Set a bounty low enough it's not worth breeding snakes to collect it.
        But it's enough to cover your ammo / lunch / beer costs for a day in the swamp shooting.

    • by Anonymous Coward

      Nope, won't work. People will start breeding them instead because that is more profitable than hunting.
      Also those people will have an incentive NOT to solve the problem to keep the money flowing. Guess what the result of that will be.

    • by mikael (484)

      But then you get people laying down all sorts of traps that kill everything and not just the pythons. Anything that is killed and isn't a python is just tossed away.

      Seems a humane way would be to place down thousands of trapboxes with live webcams, and have some image recognition software to recognise python patterns or just have a "something interesting" button.

    • Did you not read the parent post about the "Cobra Effect"? $10 for a snake would not only make an industry out of killing them, it would create an industry of people who would start to breed snakes for profit.. and who would then let them go in to the wild if they were closed down.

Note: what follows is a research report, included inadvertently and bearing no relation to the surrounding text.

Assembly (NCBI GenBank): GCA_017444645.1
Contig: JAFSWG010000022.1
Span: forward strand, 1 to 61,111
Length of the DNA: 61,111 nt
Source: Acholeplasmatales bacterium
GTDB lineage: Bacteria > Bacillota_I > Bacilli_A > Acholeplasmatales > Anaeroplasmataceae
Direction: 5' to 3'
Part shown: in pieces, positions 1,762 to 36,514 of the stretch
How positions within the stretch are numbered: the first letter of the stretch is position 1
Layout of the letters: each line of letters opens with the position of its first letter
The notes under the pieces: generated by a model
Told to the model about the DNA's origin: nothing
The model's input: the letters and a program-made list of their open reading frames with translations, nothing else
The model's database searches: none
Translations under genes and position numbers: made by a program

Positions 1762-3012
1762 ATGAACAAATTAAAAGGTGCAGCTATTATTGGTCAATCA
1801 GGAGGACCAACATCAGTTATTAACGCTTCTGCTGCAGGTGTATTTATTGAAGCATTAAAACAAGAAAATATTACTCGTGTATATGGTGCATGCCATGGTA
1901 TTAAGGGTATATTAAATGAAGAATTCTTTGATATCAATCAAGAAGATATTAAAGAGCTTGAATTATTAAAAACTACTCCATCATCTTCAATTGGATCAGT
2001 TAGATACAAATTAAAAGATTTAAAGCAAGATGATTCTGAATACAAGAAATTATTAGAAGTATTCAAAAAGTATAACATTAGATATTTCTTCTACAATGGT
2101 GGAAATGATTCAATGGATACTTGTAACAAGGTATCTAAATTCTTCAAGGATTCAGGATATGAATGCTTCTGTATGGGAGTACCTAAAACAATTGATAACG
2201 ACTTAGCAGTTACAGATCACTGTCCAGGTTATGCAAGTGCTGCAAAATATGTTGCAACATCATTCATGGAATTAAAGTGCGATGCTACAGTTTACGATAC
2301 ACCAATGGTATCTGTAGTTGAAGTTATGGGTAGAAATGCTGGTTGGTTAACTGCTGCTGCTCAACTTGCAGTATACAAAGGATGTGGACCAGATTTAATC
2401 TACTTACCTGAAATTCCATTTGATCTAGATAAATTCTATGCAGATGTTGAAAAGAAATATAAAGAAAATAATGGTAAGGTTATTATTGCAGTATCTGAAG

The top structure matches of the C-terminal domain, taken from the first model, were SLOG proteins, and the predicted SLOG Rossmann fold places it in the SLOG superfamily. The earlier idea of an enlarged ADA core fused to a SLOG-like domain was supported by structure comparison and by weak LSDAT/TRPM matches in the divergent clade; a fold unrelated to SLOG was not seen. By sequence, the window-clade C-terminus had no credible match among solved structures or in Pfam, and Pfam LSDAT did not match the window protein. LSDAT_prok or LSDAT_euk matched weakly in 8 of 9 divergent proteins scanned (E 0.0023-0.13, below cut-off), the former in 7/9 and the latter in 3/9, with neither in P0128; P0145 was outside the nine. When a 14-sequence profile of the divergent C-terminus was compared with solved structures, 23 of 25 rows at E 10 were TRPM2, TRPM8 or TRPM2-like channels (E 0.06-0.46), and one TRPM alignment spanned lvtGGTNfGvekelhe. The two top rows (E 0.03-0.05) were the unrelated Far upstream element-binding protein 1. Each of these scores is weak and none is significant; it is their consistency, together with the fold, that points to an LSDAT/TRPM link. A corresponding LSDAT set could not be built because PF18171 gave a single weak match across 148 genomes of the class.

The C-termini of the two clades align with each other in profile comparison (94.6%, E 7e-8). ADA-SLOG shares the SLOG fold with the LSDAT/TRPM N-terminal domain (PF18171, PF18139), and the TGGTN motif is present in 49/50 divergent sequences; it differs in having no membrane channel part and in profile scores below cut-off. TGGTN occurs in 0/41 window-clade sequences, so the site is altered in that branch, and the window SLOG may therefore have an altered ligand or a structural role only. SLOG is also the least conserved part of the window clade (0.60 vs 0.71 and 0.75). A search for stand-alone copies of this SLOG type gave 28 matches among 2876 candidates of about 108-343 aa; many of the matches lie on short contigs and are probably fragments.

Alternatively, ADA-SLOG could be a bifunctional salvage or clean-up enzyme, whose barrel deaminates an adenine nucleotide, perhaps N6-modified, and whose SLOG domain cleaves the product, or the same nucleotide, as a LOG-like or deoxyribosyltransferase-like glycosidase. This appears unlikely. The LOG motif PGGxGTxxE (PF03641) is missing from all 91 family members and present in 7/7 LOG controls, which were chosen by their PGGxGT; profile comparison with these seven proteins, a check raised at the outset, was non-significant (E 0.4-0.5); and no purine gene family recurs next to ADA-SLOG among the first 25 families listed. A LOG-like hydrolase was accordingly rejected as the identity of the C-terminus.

• "Tax the rat farms."
          - Vetinari

  • Made me think of the puzzle website I went through while learning the programing language. Any puzzle lovers out there interested can find it here http://www.pythonchallenge.com/ [pythonchallenge.com] It can be done with little or no knowledge of the language as long as you don't mind reading the docs.
    • I'm not sure why dicks are modding you down; that turned out to be a wonderfully interesting and noncommercial site which (gasp) is news for nerds like me and stuff that matters. I'm glad I caught your post before the "Offtopic" sourpusses did.

      That said, I wasted most of the day on it and am at challenge 11, but I'm finding it's turning out to be less and less about python and more and more about silly logic games. Still, the widely different solutions people come up with are amazing.

  • by mirix (1649853) on Sunday December 09, 2012 @05:00PM (#42236213)

    They're sort of... living legends... An alpha release snake.